High Demand for Kids Content Key for New Streaming Users
Streaming companies are looking to double down on kids and family-friendly content due to novel high demand. The services are eager to label themselves as family-friendly entertainment alternatives and many plan to invest in a lot more kids content.
According to Parrot Analytics, in the last month, three out of 15 of the most popular shows across all streaming platforms have been kids’ series.
Between January 1 and March 31, data shows Peacock and NBCUniversal (1.2%) are lacking viewership demand for kids content compared to competitors. Netflix’s demand was 22.3%, Amazon Prime Video’s was 16.9%, Paramount+’s was 16.4%, Disney+’s (15.3%), Hulu’s (15.2%) and HBO Max’s was (12.7%).
Chris Williams, founder and CEO of Pocketwatch Inc., a digital media studio that specializes in extending kids and family YouTube stars and characters into global franchises, says “I think the big thing [streaming services] have realized is that the value of kids and family content goes beyond retention.”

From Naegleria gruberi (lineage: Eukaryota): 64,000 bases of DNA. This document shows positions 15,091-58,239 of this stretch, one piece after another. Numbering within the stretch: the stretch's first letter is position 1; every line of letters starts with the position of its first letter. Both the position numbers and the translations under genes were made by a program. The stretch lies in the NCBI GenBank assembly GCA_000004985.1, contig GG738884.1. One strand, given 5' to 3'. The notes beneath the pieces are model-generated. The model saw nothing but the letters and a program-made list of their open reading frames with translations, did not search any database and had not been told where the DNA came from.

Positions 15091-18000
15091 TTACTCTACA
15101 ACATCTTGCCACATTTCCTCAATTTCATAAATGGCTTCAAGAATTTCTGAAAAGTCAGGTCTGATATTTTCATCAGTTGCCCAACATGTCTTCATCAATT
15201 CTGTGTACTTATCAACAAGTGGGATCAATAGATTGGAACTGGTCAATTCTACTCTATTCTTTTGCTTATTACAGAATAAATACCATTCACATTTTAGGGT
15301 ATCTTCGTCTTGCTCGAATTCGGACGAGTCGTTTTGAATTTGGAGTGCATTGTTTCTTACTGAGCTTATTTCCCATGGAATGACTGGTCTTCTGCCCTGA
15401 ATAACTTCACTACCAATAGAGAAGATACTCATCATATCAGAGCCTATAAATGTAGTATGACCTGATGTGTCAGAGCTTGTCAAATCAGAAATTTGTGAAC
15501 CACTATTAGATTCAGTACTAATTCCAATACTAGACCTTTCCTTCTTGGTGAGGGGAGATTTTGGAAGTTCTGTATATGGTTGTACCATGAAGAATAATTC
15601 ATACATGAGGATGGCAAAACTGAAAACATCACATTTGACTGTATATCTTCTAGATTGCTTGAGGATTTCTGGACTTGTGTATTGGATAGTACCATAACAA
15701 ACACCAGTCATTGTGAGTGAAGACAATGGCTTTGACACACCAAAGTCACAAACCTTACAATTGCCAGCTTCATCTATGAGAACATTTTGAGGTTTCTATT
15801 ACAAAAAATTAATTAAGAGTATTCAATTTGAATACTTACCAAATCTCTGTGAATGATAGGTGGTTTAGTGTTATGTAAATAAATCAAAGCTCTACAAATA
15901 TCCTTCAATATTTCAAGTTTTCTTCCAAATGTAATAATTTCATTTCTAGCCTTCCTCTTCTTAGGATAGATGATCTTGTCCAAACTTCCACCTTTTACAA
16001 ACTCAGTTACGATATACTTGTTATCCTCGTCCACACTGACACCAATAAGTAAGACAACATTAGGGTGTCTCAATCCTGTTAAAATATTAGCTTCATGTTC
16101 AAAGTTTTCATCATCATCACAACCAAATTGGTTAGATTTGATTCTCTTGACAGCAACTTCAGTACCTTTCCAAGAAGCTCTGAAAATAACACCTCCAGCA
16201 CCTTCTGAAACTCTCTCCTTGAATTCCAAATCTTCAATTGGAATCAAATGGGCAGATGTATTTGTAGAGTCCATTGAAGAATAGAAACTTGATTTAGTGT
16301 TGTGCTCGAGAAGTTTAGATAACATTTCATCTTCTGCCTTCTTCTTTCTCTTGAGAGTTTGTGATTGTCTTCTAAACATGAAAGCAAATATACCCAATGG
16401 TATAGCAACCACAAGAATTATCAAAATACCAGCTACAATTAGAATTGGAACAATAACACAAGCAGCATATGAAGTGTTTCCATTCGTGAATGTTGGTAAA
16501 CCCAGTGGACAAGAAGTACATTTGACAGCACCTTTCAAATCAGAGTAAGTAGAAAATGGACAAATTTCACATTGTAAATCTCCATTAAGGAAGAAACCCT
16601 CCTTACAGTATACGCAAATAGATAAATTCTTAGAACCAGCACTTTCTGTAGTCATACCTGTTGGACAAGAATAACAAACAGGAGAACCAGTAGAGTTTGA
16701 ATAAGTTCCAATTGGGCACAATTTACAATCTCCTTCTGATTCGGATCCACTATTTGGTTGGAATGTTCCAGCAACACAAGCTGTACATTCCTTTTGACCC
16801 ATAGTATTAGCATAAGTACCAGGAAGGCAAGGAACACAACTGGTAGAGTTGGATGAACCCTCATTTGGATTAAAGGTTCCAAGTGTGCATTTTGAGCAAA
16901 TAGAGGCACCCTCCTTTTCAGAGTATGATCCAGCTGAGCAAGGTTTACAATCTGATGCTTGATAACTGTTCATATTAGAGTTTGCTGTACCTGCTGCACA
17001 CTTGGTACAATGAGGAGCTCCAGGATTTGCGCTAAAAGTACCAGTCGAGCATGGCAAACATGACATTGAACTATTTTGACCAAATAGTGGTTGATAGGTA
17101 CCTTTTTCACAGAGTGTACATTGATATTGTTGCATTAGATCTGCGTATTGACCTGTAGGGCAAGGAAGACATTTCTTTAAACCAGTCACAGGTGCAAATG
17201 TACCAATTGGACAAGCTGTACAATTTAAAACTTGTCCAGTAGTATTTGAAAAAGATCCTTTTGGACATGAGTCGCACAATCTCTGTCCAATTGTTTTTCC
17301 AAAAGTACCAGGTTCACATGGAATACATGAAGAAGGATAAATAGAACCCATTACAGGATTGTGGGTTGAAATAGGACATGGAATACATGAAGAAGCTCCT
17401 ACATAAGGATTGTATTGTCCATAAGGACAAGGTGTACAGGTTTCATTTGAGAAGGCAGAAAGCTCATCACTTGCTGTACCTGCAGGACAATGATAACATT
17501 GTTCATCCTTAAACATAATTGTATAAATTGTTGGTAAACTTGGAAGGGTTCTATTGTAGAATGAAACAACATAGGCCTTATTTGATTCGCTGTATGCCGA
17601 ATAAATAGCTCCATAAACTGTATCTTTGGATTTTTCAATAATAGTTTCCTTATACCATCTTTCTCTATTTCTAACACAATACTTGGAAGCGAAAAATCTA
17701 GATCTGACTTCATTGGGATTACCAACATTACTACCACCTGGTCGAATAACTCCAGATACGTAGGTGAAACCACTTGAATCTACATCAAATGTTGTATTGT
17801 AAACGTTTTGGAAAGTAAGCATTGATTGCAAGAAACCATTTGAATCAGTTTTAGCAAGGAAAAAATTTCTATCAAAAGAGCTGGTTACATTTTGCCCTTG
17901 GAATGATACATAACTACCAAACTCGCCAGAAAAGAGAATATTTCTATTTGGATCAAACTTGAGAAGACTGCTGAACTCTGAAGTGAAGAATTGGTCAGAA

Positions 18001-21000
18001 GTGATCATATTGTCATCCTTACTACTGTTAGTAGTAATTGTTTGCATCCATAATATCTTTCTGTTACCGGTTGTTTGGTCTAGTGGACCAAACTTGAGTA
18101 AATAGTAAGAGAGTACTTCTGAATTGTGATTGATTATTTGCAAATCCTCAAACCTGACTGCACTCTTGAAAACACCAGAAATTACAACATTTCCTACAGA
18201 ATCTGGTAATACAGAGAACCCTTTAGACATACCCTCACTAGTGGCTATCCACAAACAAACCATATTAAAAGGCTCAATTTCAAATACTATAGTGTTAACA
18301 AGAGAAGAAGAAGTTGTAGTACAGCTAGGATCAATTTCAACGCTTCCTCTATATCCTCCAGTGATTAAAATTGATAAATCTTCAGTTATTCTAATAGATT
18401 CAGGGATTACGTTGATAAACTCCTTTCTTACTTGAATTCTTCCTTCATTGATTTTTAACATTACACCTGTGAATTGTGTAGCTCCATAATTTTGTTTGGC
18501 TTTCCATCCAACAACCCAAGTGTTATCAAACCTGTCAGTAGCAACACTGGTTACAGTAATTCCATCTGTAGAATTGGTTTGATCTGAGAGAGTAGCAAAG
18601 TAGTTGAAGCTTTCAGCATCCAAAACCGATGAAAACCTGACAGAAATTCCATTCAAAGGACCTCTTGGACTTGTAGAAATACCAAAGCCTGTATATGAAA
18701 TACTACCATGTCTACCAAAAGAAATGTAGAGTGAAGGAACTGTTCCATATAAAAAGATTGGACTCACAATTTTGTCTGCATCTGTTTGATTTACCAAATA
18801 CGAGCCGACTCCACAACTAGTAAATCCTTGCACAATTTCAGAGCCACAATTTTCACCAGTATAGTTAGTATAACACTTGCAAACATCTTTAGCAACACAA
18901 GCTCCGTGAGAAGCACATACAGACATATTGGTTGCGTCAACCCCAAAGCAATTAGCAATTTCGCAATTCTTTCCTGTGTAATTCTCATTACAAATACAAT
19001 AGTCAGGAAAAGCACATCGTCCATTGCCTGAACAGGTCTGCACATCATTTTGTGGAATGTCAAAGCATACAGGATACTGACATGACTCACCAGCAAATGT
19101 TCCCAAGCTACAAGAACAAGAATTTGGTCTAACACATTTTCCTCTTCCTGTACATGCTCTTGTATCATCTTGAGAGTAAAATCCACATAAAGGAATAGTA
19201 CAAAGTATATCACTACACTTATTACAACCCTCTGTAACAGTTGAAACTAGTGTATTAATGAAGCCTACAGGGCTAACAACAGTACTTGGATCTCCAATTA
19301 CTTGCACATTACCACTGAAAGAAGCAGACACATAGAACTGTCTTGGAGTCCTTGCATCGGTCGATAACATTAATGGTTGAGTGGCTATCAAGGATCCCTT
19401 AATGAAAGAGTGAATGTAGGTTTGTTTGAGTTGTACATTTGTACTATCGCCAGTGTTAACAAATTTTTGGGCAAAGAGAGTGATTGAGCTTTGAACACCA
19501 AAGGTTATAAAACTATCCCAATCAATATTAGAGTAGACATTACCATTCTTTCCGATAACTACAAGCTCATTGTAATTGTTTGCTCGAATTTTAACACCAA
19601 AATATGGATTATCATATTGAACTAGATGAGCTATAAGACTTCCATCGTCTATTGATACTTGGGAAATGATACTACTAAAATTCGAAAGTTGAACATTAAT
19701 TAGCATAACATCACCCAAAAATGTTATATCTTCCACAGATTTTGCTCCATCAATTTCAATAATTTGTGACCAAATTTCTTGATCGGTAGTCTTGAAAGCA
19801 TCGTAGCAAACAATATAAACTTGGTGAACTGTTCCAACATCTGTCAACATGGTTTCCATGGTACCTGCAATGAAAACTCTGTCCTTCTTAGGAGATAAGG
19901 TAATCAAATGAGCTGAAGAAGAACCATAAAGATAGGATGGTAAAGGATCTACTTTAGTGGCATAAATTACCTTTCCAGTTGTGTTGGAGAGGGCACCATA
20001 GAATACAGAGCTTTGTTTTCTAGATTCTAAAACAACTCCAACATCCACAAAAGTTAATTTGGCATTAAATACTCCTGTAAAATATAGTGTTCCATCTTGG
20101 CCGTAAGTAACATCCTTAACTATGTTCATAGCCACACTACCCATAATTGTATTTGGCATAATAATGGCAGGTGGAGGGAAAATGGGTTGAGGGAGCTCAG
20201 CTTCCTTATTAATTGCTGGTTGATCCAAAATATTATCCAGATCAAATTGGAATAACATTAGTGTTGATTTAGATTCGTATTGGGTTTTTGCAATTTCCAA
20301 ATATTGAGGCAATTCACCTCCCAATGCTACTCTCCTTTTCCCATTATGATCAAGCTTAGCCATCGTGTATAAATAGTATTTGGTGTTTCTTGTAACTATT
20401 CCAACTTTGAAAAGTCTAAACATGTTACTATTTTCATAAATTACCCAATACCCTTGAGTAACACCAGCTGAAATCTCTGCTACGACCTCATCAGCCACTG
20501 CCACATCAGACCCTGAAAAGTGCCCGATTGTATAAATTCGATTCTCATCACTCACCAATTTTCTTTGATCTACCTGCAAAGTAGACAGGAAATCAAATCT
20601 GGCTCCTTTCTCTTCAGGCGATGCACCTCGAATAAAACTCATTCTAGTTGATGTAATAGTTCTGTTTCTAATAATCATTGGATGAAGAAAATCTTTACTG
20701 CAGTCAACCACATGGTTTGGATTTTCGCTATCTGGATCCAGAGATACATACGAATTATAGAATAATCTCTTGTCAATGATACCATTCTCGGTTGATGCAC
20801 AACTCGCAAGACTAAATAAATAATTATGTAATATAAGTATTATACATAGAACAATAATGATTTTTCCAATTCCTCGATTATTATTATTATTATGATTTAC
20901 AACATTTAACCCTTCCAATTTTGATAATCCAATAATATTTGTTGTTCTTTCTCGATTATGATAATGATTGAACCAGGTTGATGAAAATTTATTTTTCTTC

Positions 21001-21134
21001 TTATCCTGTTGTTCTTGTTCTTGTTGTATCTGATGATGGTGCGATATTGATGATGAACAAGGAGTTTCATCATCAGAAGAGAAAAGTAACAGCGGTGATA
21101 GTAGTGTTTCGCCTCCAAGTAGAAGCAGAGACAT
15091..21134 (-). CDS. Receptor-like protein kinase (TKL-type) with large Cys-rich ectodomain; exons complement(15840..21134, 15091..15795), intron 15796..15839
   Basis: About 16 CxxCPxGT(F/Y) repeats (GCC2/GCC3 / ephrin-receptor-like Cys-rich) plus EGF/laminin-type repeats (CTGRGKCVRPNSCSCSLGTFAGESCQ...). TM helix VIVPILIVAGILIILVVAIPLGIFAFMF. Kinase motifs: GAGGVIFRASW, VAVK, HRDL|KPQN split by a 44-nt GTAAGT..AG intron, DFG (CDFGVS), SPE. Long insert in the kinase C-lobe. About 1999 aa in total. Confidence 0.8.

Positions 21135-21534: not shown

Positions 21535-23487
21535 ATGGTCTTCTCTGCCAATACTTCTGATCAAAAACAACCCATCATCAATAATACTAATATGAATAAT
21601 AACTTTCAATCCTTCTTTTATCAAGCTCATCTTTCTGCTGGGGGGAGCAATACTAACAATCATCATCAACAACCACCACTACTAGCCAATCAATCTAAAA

Investors have been keeping an eye on kids’ content companies. For example, ViacomCBS CEO Bob Bakish told investors children and family entertainment “was the top genre on Paramount+ for both acquisition and engagement in the quarter.”
Netflix has been catering to younger audiences for quite a while. Netflix recently launched a new iOS feature, “Kids Clips” as a way to promote its content to children by using short snippets and clips.
YouTube TV has had wild success with the genre. In 2020, the Ryan’s World franchise had 30.8 million subscribers and generated more than $250 million in sales. Also, in the same year, Pocketwatch reached a deal with seven-year-old Ukrainian YouTube sensation, Diana, whose series, “Kids Diana Show,” is one of the most subscribed-to channels in the world.
What’s clear is that if streaming companies want to compete at the highest level, they will have to offer family-focused programming in spades.